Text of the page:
January 2004
Vol. 2, No. 1

Tips & Inspiration for Organizing a Simpler Life

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In his holiday letter to friends, motivational humorist and author, C.W. Metcalf, wrote:

It is a time of rebirth, moving from darkness to light and remembering that your ‘To Do’ list is not nearly as important as your ‘To Be’ list.”

C.W. is the co-author of Lighten Up: Survival Skills for People Under Pressure. For him, those have surely been put to the test.

In 1996, C.W. recovered from brain cancer despite being given a 2% chance of survival. Just last year, he was diagnosed with leukemia and in December, he finished the last of five, month-long chemotherapy treatments. C.W. refers to his ordeal as “Dancing with the Cancer Bear.”

I encourage you to read more about C.W. and his work at http://www.cwmetcalf.com. If you are able, please consider donating to the C.W. Metcalf Fund set up by friends to help C.W.’s family through this difficult financial time. With your donation of $10 or more, you will receive a free copy of C.W.’s inspirational “Dancing with the Cancer Bear” CD.


In the 1925 book, The Customs of Mankind, author Lillian Eichler wrote: “In ancient England it was the custom to clean out the chimneys on New Year’s Day so that luck could descend and, of course, remain all year. With us it is customary to speak of ‘cleaning the slate’ and making good resolutions so the ‘slate’ will remain clean throughout the year.”

January 12 is National Clean Off Your Desk Day.

The month of January is Clean Out Your Closets Month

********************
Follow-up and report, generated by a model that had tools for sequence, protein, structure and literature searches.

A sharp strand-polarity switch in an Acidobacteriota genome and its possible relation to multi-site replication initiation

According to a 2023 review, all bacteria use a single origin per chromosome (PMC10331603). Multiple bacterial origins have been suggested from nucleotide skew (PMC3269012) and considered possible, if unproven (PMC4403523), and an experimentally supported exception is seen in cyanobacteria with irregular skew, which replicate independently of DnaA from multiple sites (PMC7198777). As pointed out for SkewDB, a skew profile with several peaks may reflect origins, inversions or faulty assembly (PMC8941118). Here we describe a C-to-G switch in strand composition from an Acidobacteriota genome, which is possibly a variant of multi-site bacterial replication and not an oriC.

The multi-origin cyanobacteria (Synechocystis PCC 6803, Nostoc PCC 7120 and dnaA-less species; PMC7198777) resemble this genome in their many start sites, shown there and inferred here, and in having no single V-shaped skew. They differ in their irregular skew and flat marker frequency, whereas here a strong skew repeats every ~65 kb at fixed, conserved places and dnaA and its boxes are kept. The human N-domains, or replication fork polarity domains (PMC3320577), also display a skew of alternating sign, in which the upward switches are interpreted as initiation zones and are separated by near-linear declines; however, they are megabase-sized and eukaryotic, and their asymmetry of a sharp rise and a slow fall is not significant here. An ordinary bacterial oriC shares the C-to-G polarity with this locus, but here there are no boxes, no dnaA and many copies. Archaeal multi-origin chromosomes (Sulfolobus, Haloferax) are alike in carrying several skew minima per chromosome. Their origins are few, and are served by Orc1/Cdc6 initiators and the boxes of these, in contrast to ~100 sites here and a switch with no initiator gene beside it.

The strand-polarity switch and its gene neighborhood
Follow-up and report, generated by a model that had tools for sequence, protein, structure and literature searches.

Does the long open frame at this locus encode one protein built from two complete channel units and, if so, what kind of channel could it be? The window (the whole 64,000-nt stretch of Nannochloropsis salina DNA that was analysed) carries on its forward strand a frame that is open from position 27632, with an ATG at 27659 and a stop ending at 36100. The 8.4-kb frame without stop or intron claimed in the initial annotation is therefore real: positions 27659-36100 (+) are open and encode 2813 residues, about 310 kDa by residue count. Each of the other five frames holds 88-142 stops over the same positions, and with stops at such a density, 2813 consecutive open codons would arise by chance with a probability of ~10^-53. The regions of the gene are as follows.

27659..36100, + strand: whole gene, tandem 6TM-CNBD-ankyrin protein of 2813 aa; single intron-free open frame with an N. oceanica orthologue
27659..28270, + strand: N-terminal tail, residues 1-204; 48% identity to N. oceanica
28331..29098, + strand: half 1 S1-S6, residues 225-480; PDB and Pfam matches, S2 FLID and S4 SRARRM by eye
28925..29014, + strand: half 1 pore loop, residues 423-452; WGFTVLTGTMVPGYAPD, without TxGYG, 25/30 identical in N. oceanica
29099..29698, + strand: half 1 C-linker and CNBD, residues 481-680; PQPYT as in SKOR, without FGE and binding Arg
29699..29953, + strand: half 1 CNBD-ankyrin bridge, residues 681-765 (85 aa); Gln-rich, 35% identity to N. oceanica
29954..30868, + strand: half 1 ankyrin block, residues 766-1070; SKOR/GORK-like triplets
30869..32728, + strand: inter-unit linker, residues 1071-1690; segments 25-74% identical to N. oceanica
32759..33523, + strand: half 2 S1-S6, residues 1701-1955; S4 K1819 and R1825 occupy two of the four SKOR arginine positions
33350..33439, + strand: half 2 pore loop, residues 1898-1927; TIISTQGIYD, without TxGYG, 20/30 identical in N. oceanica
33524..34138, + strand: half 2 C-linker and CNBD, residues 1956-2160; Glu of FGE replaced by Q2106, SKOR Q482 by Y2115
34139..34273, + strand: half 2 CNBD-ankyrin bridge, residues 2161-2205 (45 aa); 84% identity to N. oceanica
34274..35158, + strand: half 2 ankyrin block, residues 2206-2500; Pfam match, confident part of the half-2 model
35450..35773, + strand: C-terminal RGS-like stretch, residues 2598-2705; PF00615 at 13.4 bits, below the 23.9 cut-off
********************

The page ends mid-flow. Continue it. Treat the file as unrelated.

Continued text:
If you’re really serious about keeping that New Year’s resolution to get organized, recognize that a resolution is simply a promise. And without a plan of action, a promise is just a promise.

Do yourself a favor. Don’t expect to get organized overnight. Take this organizing thing one day, one step at a time.

Start with a clear understanding of your motivation. What do you stand to gain from getting organized? What do you stand to lose if you don’t?

Accept your role. What are you doing that contributes to the clutter and chaos in your life? I’m pretty sure that 90% of getting organized is getting out of our own way. When you are able to accept the fact that you are part of the problem, you are well are on your way to changing that behavior.

Create a one-month plan. Choose five things you most want to accomplish during the month. List these items from highest to lowest priority. Be as specific as you can. At the end of the month, if you have not yet accomplished all five tasks, create a new one-month plan that outlines what you hope to achieve this month – and what you are willing to do to make it happen.

Take immediate action. Pick a single organizing tip from this issue and do it today. Or take five minutes to organize your sock drawer or junk drawer.

Happy organizing. Be sure to write and tell me about your success!

To read back issues, go to: http://www.unclutter.com/newsletter


In the last issue, I asked “Do you save your utility bills (gas, electric, telephone, cable) each month after paying them? If so, why?”

As promised, here are the results of that survey:

4% said: It’s a tax-deductible expense for me.
21% said: For proof of payment.
38% said: I like to compare current bills to past
25% said: Because you’re supposed to save them.
4% said: Because I love to file.
8% said: Other (please explain)

It’s funny how many things we do without stopping to think WHY we do them. Saving utility bills is one of those things.

Some people (like me) need to keep home utility bills for tax purposes. Some people like to compare bills from month to month or year to year. If you are not doing either of these two things, you do not need to save your utility bills.

Unless you paid in cash and had your receipt stamped, the statement is not proof of payment. If you pay by check, you will have a note in your checkbook register so that you can look for a cancelled check if your payment is ever in question.